The Impassioned Populism of George Bailey


As part of our family’s Thanksgiving Day tradition we once again watched the 1946 classic movie, It’s a Wonderful Life starring Jimmy Stewart. I’m not going to rehash the plot of Frank Capra’s most famous film at this time, as no doubt the vast majority of readers are familiar with it. Needless to say, the theme of Stewart & Capra’s masterpiece is timeless and universal: No man is a failure who has friends.

While watching the movie again this year something else struck me: the overtly populist message of the film, most particularly as it is represented with Stewart’s Oscar nominated performance as George Bailey, the quintessential small town American.

It is during George’s defense of the family operated Bailey Bros. Building and Loan against the evil, aging, oligarch Mr. Potter (brilliantly portrayed by the legendary actor Lionel Barrymore) that we are treated to the populist theme of the movie.

In this current year of Brexit, Bernie and ultimately Trump, George Bailey’s impassioned defense of the working man against the elite takes on an entirely new sense of meaning.

Potter: …and all because a few starry-eyed dreamers like Peter Bailey stir ’em up and fill their head with a lot of impossible ideas. Now, I say —

Bailey: Just a minute – just a minute. Now, hold on, Mr. Potter. Just a minute. Now, you’re right when you say my father was no business man. I know that. Why he ever started this cheap, penny-ante Building and Loan, I’ll never know. But neither you nor anybody else can say anything against his character, because his whole life was — Why, in the twenty-five years since he and Uncle Billy started this thing, he never once thought of himself. Isn’t that right, Uncle Billy? He didn’t save enough money to send Harry to school, let alone me. But he did help a few people get outta your slums, Mr. Potter. And what’s wrong with that? Why — here, you’re all businessmen here. Don’t it make them better citizens? Doesn’t it make them better customers?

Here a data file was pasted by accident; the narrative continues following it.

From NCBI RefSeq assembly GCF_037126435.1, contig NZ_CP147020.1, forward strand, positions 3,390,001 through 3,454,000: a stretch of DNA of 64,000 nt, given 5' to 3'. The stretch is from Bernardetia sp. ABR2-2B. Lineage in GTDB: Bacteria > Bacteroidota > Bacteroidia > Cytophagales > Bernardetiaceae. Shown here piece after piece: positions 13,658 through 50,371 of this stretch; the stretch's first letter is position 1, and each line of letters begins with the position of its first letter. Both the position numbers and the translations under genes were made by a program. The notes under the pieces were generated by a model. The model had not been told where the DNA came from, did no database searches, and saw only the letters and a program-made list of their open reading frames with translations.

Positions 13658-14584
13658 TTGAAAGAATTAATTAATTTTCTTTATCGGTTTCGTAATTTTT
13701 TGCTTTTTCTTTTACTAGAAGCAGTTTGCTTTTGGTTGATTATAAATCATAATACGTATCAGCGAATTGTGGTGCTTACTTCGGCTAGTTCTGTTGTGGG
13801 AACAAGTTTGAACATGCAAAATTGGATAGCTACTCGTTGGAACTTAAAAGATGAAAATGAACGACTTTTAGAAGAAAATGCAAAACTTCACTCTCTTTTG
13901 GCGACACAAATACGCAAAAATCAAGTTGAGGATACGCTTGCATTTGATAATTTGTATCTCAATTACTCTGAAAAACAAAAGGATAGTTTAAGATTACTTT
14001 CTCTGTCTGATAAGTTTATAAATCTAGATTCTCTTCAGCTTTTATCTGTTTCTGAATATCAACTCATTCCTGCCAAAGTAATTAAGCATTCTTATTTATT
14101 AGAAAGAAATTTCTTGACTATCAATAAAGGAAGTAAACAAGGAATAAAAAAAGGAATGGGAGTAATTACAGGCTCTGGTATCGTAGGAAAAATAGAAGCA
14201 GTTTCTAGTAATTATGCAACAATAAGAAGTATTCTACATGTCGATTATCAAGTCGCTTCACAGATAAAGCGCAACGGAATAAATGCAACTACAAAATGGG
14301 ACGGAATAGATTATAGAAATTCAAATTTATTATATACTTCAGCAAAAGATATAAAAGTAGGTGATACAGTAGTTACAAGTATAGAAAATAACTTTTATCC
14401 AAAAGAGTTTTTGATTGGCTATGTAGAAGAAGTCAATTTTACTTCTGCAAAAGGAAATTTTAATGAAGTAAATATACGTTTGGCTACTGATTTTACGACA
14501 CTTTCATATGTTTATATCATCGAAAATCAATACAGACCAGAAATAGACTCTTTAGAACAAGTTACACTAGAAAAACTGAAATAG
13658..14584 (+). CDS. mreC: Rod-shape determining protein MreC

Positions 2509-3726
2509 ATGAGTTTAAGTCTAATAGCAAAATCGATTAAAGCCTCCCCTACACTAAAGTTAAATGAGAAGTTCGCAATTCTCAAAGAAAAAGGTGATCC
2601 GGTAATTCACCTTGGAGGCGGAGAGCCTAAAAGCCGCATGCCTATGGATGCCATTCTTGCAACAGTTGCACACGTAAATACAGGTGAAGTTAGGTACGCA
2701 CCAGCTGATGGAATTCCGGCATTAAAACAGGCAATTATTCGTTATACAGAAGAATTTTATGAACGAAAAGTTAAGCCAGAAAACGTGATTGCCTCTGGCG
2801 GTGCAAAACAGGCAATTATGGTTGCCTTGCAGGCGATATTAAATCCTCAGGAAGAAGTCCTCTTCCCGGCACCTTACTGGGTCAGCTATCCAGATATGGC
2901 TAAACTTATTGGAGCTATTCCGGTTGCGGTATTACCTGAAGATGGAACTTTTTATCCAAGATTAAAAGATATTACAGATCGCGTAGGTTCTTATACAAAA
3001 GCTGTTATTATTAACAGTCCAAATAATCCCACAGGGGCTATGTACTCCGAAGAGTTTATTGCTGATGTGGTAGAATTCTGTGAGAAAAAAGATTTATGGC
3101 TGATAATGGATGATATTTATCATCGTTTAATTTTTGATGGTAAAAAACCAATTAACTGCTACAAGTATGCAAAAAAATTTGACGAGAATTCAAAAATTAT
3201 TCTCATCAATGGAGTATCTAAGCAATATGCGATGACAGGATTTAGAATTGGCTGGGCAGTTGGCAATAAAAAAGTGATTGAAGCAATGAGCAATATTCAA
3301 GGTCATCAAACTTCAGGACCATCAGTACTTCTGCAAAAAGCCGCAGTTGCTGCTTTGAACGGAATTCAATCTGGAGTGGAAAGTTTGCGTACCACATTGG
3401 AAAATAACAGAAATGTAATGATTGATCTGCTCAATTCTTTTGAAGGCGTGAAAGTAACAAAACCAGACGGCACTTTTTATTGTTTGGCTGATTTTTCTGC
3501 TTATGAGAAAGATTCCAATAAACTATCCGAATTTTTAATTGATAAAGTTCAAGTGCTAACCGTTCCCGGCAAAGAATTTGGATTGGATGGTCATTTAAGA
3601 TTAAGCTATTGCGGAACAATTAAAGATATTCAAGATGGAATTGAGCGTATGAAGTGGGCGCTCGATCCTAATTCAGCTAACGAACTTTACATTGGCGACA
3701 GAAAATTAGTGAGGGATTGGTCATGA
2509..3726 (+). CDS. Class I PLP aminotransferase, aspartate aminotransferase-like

You, you said that they — What’d you say just a minute ago? They had to wait and save their money before they even thought of a decent home. Wait? Wait for what?! Until their children grow up and leave them? Until they’re so old and broken-down that — You know how long it takes a workin’ man to save five thousand dollars? Just remember this, Mr. Potter, that this rabble you’re talking about, they do most of the working and paying and living and dying in this community. Well, is it too much to have them work and pay and live and die in a couple of decent rooms and a bath? Anyway, my father didn’t think so. People were human beings to him, but to you, a warped, frustrated old man, they’re cattle. Well, in my book he died a much richer man than you’ll ever be.

Potter: I’m not interested in your book. I’m talkin’ about the Building and Loan.

Bailey: I know very well what you’re talking about. You’re talking about something you can’t get your fingers on, and it’s galling you. That’s what you’re talking about, I know. Well…I’ve said too much. I — You’re…the Board here. You do what you want with this thing. There’s just one thing more, though. This town needs this measly one-horse institution if only to have some place where people can come without crawling to Potter. Come on, Uncle Billy!